A classic "helicopter parent," she worried incessantly. When she would babysit, Bubbe (Yiddish for grandmother) wouldn't let us ride our bikes, answer the phone, or be outside after dinner. She became a U.S. citizen and signed her name only once and never again, according to my mom. When we were sorting through my father's belongings after he died in 2008, we found her naturalization papers.

This is the matzah ball soup in which my father's values simmered.

My father died in 2008 after a life well lived as a husband, father and grandfather — now, after his passing, a great-grandfather, too. He was a "mensch," which is Yiddish for "good person." He worked a full-time job and had multiple volunteer positions, including as a firefighter; in our synagogue, as a mentor for young people; and offering physical therapy for a child in our neighborhood. After his retirement at 65, he volunteered at the town center in the community in Florida where he and my mother moved, from New Jersey.


Even though he didn't have advance education beyond high school, he was a wise man. He would offer one piece of advice in particular that remains with me to this day — "They put their pants on one leg at a time, just like you do" — so I wouldn't be intimidated by anyone. It has served me well, as part of my work has been interviewing movers and shakers, including Shirley MacLaine, Ben & Jerry, Deepak Chopra, Marianne Williamson, Olympia Dukakis, Dennis Weaver, Mariel Hemingway and His Holiness the Dalai Lama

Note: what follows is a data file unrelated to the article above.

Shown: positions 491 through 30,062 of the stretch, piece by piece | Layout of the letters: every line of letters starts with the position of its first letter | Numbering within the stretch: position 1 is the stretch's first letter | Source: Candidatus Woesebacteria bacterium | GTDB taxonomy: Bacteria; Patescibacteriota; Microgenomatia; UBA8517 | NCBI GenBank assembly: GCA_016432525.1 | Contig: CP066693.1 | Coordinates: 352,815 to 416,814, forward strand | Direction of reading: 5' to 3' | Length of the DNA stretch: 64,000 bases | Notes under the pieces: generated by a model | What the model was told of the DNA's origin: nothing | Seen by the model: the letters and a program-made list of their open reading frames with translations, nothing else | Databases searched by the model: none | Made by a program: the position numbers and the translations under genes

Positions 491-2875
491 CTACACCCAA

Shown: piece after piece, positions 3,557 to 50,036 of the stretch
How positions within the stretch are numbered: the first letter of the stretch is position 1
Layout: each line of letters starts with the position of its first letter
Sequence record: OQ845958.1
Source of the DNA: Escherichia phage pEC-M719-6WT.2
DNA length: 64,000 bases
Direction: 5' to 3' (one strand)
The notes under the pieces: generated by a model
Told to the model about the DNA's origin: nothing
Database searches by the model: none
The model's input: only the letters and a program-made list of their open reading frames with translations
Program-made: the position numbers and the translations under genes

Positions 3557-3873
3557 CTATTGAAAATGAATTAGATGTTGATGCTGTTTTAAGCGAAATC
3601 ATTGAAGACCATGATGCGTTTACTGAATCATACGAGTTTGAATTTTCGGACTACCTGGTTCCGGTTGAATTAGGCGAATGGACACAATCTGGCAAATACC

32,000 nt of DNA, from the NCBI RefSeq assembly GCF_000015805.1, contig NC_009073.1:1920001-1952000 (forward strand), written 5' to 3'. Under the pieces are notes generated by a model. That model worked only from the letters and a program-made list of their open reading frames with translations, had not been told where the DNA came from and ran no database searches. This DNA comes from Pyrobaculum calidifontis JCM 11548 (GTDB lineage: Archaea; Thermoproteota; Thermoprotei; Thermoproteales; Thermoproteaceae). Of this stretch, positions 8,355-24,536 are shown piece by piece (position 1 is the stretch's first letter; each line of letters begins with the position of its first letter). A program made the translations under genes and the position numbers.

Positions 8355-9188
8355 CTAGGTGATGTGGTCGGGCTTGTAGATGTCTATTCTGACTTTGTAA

The 'Moishisms' I Learned

His other "Moishisms" include "Your life is in the hands of any fool who makes you lose your temper." "You never know what tomorrow brings." "If that's the worst thing that ever happens to you, you'll be okay." "What hurts you hurts me."

An old photo of a man wearing a suit and tie. Next Avenue, father's advice
Morris Weinstein on his honeymoon with Selma, Edie Weinstein's mother. Her parents were married for more than 50 years  |  Credit: Courtesy of Edie Weinstein

That last one contributed to my growing co-dependency since I didn't want him to be sad. As a result, I would stuff my emotions, to placate and people please. It played out in nearly every romantic relationship I found myself in, or perhaps, lost myself in.

The first quote rendered me anger and conflict avoidant since I didn't want to relinquish control of my emotions. He would also, during adolescent angst over breakups, advise me not to let boys see me cry since they would "know that you are vulnerable and take advantage of your feelings." I know he was attempting to protect me, but that "tough it out" mindset remained with me.